John Russo

Game coaching – Part 1

 

By John Russo
Let’s Play Hockey Columnist

 

Note: This will be one of the articles (Chapter 8: “The Game”) in John Russo’s soon-to-be published new book “Best of Coaches’ Corner – 26 Years.” Watch for it in 2013.

This article is the first of a two-part series on game coaching  the “unique and critical situations” that I developed in the 1990s.

Most coaches prepare their teams to deal with normal games, not the abnormal. Very few games are normal, however. It is performance in these critical or unique game situations that helps make or break most coaches. The best way to handle them is to confront them in advance and to know what a good choice (we never know what will be successful for sure) response will be. In the frenzy of a game, it is difficult to come up with high impact decisions on short notice. Coaches that put some emphasis on the unique or critical situations (the list will come soon!) will not only have better game results but will also be educating their players in how to better analyze and respond to shifts in the game – and at what points in the game special efforts will pay off best.

Read more: Game coaching – Part 1

Penalty killing

 

By John Russo
Let’s Play Hockey Columnist

 

Note: This will be one of the articles (Chapter 7; Systems and Concepts) in John Russo’s soon to be published new book “Best of Coaches’ Corner – 26 Years.” Watch for it in 2013.

 

Over the years, some very good new ideas about killing penalties have evolved. Watching a professional or college game today, for example, would often find four pretty aggressive killers in at least the defensive zone. There was a time not too many years back when the defensive strategy was to “box up” in a reasonably passive manner and make the power play shoot from the outside. Today, the idea is to not let the power play shoot at all, if possible, and to go after the player with the puck at all times in the defensive zone.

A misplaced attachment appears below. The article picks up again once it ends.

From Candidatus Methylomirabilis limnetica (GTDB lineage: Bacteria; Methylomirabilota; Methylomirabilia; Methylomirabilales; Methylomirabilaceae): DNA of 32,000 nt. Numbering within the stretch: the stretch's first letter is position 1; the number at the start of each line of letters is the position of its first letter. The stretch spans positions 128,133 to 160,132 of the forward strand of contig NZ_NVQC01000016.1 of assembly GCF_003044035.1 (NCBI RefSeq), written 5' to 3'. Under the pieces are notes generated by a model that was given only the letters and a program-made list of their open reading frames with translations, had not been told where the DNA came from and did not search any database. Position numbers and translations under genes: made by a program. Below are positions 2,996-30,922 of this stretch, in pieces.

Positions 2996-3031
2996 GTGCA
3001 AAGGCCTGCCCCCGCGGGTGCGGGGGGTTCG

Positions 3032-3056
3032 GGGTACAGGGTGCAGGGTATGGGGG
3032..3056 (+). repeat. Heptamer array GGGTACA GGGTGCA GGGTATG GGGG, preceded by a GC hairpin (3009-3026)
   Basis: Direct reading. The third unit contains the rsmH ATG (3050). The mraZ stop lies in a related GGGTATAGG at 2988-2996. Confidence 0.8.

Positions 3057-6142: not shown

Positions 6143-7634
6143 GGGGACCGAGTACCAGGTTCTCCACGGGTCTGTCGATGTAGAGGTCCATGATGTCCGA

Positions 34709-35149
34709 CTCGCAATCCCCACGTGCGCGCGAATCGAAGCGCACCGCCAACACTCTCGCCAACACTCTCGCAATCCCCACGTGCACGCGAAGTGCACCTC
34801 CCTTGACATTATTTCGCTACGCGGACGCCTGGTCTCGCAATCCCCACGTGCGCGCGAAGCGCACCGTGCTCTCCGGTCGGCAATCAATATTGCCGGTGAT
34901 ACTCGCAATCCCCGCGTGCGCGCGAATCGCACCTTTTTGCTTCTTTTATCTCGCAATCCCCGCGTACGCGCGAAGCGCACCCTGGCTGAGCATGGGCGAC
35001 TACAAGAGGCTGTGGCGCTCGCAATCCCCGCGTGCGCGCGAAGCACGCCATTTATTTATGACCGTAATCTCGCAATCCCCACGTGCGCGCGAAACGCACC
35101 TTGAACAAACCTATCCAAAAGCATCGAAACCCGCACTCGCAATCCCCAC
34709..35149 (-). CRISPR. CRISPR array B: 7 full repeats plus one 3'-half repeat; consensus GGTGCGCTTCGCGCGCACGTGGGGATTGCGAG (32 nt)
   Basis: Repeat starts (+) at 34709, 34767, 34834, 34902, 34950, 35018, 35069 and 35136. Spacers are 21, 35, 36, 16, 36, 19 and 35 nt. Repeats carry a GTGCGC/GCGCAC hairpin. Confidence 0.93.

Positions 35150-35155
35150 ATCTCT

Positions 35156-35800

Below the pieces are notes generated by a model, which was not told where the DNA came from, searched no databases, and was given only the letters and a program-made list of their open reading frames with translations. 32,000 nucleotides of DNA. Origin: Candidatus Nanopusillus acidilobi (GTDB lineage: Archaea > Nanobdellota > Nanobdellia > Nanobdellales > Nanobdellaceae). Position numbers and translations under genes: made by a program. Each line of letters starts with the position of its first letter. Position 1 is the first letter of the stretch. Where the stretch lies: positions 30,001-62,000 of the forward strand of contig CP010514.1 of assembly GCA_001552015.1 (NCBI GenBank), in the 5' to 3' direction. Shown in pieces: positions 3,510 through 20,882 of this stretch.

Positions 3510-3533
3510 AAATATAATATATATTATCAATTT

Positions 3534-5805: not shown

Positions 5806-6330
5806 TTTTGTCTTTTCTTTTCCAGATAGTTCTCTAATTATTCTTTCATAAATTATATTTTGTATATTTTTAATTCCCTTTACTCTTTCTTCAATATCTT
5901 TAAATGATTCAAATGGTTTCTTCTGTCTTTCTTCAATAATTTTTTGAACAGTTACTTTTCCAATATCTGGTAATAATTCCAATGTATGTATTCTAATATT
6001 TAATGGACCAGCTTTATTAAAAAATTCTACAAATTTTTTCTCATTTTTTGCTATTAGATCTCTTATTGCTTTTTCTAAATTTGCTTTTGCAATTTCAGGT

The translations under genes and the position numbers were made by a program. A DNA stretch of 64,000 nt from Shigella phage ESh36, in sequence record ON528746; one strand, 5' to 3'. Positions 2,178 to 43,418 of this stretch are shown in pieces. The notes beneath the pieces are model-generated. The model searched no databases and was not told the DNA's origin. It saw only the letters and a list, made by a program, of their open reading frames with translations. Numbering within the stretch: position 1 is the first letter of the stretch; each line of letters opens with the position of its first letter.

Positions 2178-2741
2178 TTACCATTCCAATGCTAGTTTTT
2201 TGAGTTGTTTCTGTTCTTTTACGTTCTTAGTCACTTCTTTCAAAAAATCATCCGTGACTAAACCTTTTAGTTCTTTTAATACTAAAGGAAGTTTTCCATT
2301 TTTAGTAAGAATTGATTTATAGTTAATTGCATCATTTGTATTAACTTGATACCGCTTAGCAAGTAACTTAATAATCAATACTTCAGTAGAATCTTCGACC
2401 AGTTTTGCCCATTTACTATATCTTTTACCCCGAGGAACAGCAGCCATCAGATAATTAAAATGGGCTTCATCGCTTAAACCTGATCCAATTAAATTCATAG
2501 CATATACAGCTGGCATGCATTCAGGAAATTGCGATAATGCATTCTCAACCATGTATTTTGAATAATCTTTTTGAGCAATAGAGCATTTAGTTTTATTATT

Read more: Penalty killing

The goalie has IT!


By Peter Samargia

 

Finding ways to help your goalies during a season as a coach with little technical understanding of goaltending is a possibility as long as you focus on the right areas! Areas that coaches should feel able and willing to work on are: Angle, Tracking and Depth. Speaking with coaches over the years, however, has proven to me that almost all coaches who want to help their goalies state that one of the biggest game breakers can be a goalie’s confidence.

Read more: The goalie has IT!

Coaching defensemen

 

By John Russo
Let’s Play Hockey Columnist

 

Note: This will be one of the articles (Chapter 5; Position Development) in John Russo’s soon to be published new book “Best of Coaches’ Corner – 26 Years.” Watch for it in 2013.

 

Over the past years, this column has dealt with the defense position several times. The Golden Rules for Defensemen has been included annually because it has been the most requested subject from coaches.

Most coaches are naturally forward- or overall team-oriented. That means that few coaches concentrate on the defense or goaltender positions as much as forward positions. Over the past years there has been a move toward proper handling of and concentration on goaltenders. That leaves the defense position, in many cases, as the one that most lacks orientation and understanding.

Read more: Coaching defensemen

Attitude before technique

 

By Peter Samargia

 

As a goalie we are constantly tested both mentally and physically. It is a great challenge that brings even greater reward. Great goalies have the opportunity to take all the opponent’s negative chatter (and sometimes their own teammates) and process it in a way that motivates them in a positive way and gives them an attitude that is courageous and unassuming.

Read more: Attitude before technique